Ramakrishna as a Religious Genius

Swami Tyagananda

Sri Ramakrishna (1836–1886) was a Hindu mystic from India, who is among the best-known personalities in contemporary Hinduism. Born and raised in a village, he had no interest in schools and received little formal education. He had a sunny temperament and was dearly loved by everyone in his neighborhood. With his friends he enacted plays based on the lives of Indian religious figures such as Rama and Krishna. He also spent time in prayer and meditation. With the death of his father, his life received a rude awakening when he was ten. His older brother brought him to the nearby city of Kolkata, where Ramakrishna eventually became a priest at a Hindu temple dedicated to the goddess Kali. There his dormant hunger for the God manifested fully. The purity of his heart, his intense longing for God and his relentless spiritual struggle resulted in a mystical experience that transformed his life forever.

Such was his hunger to remain immersed in God-consciousness and such his curiosity to “taste” the divine bliss that he sought instruction from a variety of teachers of diverse religious backgrounds. He practiced religious disciplines of not only the different streams within Hinduism but later also of Islam and Christianity. Through every religious pursuit he  experienced divine bliss and fulfillment. “Every religion is a valid path to spiritual fulfillment,” became one of his important teachings to disciples that later gathered around him.

He lived a simple life, away from the limelight and would have remained largely unknown to the world had it not been for a band of young college students who became his devoted students. Before his passing, Ramakrishna gave these young men the vows of monastic life and commanded one among them, Narendranath, to guide and lead the fledgling group. Immersed in samadhi, the highest state of God-consciousness recognized in Hinduism, Ramakrishna passed away in August 1886.

Ramakrishna’s disciples led by Narendranath took formal monastic vows soon after Ramakrishna’s passing and, according to the Hindu monastic tradition, received new names. Narendranath became Swami Vivekananda. The young monks were supported and helped by Ramakrishna’s lay disciples. After some years spent as an itinerant monk, Vivekananda’s life changed dramatically from that of an unknown Hindu monk to a famous and much-admired Hindu teacher when he participated in the Parliament of Religions held in Chicago in 1893. When he returned to India in 1897 after teaching Hinduism in the West for four years, he founded the Ramakrishna Mission, to provide the work that he and other disciples of Ramakrishna were already doing a strong organizational structure.

Today the Ramakrishna Order of monks and the Ramakrishna Mission together not only provide religious and spiritual sustenance to people in India and other parts of the world but also run schools, manage hospitals and dispensaries, organize relief and rehabilitation during natural calamities, in order to help the poor and the needy especially in the developing world.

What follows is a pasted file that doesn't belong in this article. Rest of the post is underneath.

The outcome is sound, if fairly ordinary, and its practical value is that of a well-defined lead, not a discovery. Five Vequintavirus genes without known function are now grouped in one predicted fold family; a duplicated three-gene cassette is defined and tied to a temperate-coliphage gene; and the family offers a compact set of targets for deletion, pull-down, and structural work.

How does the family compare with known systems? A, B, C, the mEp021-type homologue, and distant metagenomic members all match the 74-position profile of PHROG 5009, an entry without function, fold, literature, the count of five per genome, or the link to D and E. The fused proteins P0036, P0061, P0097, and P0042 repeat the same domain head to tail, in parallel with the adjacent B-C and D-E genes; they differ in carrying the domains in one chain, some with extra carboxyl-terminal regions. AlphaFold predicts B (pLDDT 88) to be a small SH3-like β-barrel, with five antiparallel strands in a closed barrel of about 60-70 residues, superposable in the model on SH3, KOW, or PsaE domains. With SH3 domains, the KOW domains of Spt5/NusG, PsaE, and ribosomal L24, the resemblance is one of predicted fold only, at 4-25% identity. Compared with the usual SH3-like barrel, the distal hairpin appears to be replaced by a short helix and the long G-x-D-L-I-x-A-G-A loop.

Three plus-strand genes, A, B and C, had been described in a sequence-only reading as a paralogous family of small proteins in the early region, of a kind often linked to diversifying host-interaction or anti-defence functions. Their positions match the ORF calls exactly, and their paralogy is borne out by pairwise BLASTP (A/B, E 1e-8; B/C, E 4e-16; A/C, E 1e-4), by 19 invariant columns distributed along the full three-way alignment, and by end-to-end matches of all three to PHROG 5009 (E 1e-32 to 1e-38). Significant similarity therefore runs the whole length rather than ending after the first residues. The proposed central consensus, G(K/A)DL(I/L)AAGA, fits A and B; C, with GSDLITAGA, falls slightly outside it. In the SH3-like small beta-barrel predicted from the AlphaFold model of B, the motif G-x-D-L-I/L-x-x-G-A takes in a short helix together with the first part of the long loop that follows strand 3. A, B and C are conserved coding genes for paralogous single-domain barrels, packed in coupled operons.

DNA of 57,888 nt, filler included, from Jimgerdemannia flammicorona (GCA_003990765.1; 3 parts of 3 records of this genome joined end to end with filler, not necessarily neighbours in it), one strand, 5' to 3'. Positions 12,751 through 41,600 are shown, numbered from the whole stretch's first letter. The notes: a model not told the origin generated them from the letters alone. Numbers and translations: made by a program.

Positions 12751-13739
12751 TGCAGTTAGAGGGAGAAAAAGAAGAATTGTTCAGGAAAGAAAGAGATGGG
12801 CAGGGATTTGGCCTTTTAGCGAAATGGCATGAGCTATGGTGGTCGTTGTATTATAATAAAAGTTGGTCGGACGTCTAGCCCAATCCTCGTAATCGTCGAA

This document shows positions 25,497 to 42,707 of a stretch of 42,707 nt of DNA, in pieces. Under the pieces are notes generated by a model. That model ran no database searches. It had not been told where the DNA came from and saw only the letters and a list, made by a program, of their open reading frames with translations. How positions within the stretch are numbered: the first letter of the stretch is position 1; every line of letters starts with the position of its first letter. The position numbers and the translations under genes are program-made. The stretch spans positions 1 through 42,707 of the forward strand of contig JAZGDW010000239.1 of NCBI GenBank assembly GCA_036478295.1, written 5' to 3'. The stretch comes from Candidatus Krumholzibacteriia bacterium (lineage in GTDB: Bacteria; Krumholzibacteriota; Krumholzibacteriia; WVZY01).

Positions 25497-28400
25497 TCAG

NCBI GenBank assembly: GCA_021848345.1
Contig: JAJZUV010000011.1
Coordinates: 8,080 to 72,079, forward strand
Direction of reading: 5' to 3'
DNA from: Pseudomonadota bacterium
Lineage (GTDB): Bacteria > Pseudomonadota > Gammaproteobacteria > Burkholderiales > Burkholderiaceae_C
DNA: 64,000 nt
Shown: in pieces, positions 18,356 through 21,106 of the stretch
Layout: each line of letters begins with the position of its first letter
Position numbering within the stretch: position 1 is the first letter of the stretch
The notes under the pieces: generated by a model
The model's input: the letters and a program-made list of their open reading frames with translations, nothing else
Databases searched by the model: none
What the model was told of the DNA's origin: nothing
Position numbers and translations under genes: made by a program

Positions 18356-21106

Assessing a Religions Genius

Ramakrishna is now viewed as a much-revered Hindu saint. Many worship him as avatar, a diving incarnation. How do we assess the genius of Ramakrishna? The power that emanated from him both when he was alive and especially after his passing is unquestioned, considering his honored place in Hindu religious history, the inspiration he provided to not only Hindus but also others interested in spirituality, and the service being provided in his name to communities in different parts of the world. But power by itself cannot and should not be a pointer to anyone’s genius. It seems to me that the genius lies in how the power is harnessed and employed—and what its effects are.

The effects can be both quantifiable and unquantifiable. Quantifiable effects would include the service-activities that the genius inspires, initiates and guides through organizations. Unquantifiable effects would include the changes in perception of oneself and the world, the deepening of knowledge, the increased clarity, and a clearer vision of life that can be traced directly or indirectly to the genius. I feel that the unquantifiable effects traced to the saint  are better markers of a genius than the quantifiable ones.

Ramakrishna’s markers of genius can be be found in his creative ability to harness and employ his spiritual powers and in the profound unquantifiable effects of his life and teachings on both his contemporaries and the succeeding generations. What makes Ramakrishna’s case interesting is that there is little evidence to show that he exercised his genius with the awareness that he was a genius. All through his life he remained an unassuming person with childlike simplicity with no pretension of being a scholar or even a teacher, let alone a genius. He remained a child of the Divine Mother, utterly dependent on her, not doing anything in life unless he received her command, which usually came through mystical revelations. As Vivekananda commented about Ramakrishna, “He lived that great life and left it to others to explain.”

Ramakrishna’s genius lay in his being totally authentic, deeply perceptive and pleasantly practical. It is on these three characteristics that I will focus my reflections in the following sections.

The assessment of Ramakrishna as religious genius—of any saint as a religious genius, for that matter—is necessarily subjective. Seen through different lenses of the mind, the examination may yield diverse results. The lens I bring to this study is that of a Hindu monk of the Ramakrishna Order, whose outlook on life is formed and shaped through the study of, and meditation on, Ramakrishna. I am not a scholar and my religious study and training have occurred in informal, nonacademic settings.